Outlook: US interest rates

MOST Alan Greenspan speeches are so carefully crafted, balanced and qualified, that you need to be something of a mind reader to know what he is really thinking. On one of the few occasions when he did speak his mind - recklessly referring to the "irrational exuberance" of markets - he almost immediately regretted it, if only because his analysis proved to be so entirely wrong. So these days he is even more measured and Delphic than ever.

Even so, the Federal Reserve chairman's biannual Humphrey-Hawkins testimony to the US Senate yesterday contained a clear enough message - that while there is no urgent need for action, the balance of risk in the US economy is now on what he calls the upside rather than the downside. What he means by this is that the recessionary scare brought about by the collapse in emerging markets last autumn is now largely over, in the US at least, and that the most pressing concern has once again become that of a revival in inflation.

The key sentence in his speech is the one in which he asks whether the full extent of interest rate cuts undertaken at that time to address the seizing-up of financial markets remains appropriate now that those disturbances are abating. Just to ask the question is to know the answer.

With the US economy still growing at a rate that puts the rest of the world to shame, and Wall Street back to near record levels, it could hardly be argued that Americans still need cheaper money. All the evidence points to the contrary - so much so that one of the most relevant questions in international economics today is whether the Fed didn't repeat the policy mistakes of the crash of 1987 during the stock market wobble of 1998.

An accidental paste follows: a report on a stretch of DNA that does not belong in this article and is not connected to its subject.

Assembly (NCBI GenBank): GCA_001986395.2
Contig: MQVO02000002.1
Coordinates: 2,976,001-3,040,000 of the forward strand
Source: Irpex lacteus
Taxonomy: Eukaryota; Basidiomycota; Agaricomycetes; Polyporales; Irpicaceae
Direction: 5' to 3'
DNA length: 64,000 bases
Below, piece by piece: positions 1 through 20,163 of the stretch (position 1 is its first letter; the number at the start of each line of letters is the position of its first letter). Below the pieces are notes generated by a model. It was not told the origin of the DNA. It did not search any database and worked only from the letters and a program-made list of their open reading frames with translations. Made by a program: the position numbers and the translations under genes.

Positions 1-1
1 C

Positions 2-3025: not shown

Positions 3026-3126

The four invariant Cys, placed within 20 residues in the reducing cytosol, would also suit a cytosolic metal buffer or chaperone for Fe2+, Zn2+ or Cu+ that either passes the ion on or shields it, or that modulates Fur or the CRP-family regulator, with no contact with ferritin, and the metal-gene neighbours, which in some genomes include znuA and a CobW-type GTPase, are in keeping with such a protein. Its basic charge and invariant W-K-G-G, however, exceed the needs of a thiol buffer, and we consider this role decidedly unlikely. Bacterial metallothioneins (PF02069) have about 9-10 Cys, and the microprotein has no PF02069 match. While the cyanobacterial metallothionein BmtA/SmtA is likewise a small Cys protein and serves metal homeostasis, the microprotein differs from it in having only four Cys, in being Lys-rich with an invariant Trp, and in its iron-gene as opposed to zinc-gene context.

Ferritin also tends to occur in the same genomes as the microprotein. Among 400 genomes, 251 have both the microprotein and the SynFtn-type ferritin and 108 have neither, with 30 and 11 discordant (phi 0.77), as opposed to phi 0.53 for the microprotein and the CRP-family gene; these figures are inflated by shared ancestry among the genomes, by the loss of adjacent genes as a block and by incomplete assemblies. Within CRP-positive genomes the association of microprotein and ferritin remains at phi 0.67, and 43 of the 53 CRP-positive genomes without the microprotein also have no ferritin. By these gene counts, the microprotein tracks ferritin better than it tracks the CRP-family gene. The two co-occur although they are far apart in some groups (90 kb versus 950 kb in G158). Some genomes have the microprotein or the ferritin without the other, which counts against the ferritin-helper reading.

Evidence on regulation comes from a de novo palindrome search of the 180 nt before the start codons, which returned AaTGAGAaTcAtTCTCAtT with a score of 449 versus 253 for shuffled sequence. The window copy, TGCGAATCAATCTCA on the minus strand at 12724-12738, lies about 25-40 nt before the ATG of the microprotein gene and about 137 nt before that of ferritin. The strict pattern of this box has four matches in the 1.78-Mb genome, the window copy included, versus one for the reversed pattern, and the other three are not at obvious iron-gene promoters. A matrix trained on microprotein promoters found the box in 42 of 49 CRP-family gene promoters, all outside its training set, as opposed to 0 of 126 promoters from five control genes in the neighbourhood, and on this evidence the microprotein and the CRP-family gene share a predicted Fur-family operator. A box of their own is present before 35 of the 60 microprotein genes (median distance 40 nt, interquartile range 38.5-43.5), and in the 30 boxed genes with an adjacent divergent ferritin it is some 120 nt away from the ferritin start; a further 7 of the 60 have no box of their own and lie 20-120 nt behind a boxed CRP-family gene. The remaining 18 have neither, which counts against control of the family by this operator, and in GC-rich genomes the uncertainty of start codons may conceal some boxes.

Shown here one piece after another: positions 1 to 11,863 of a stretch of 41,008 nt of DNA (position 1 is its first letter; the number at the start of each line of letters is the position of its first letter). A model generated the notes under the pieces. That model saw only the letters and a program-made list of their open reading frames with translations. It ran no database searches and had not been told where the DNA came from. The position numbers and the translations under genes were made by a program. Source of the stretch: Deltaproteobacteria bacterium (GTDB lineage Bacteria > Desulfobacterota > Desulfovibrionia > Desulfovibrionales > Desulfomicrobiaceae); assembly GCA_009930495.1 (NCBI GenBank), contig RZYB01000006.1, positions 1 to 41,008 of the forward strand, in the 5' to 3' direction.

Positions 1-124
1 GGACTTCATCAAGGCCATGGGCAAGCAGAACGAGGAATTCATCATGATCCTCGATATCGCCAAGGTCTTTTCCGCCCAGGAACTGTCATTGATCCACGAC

Plainly that is what is worrying Mr Greenspan most - that in attempting to correct a short-term crisis in financial markets, he has stoked up inflationary pressures and prolonged an ultimately unsustainable boom.

The most important conclusion to draw from all this is that if and when the long bull market in equities does draw to a close, it is much more likely to be brought to an end by the traditional means of a reduction in liquidity caused by an increase in interest rates - which in itself will be a reaction to inflationary wage pressure - than the deflationary slump many predict is awaiting the US and the rest of the world.

Booms don't die of old age; generally they are murdered by the anti-inflationary policies of the US Federal Reserve. There is no reason to believe it will be any different this time round.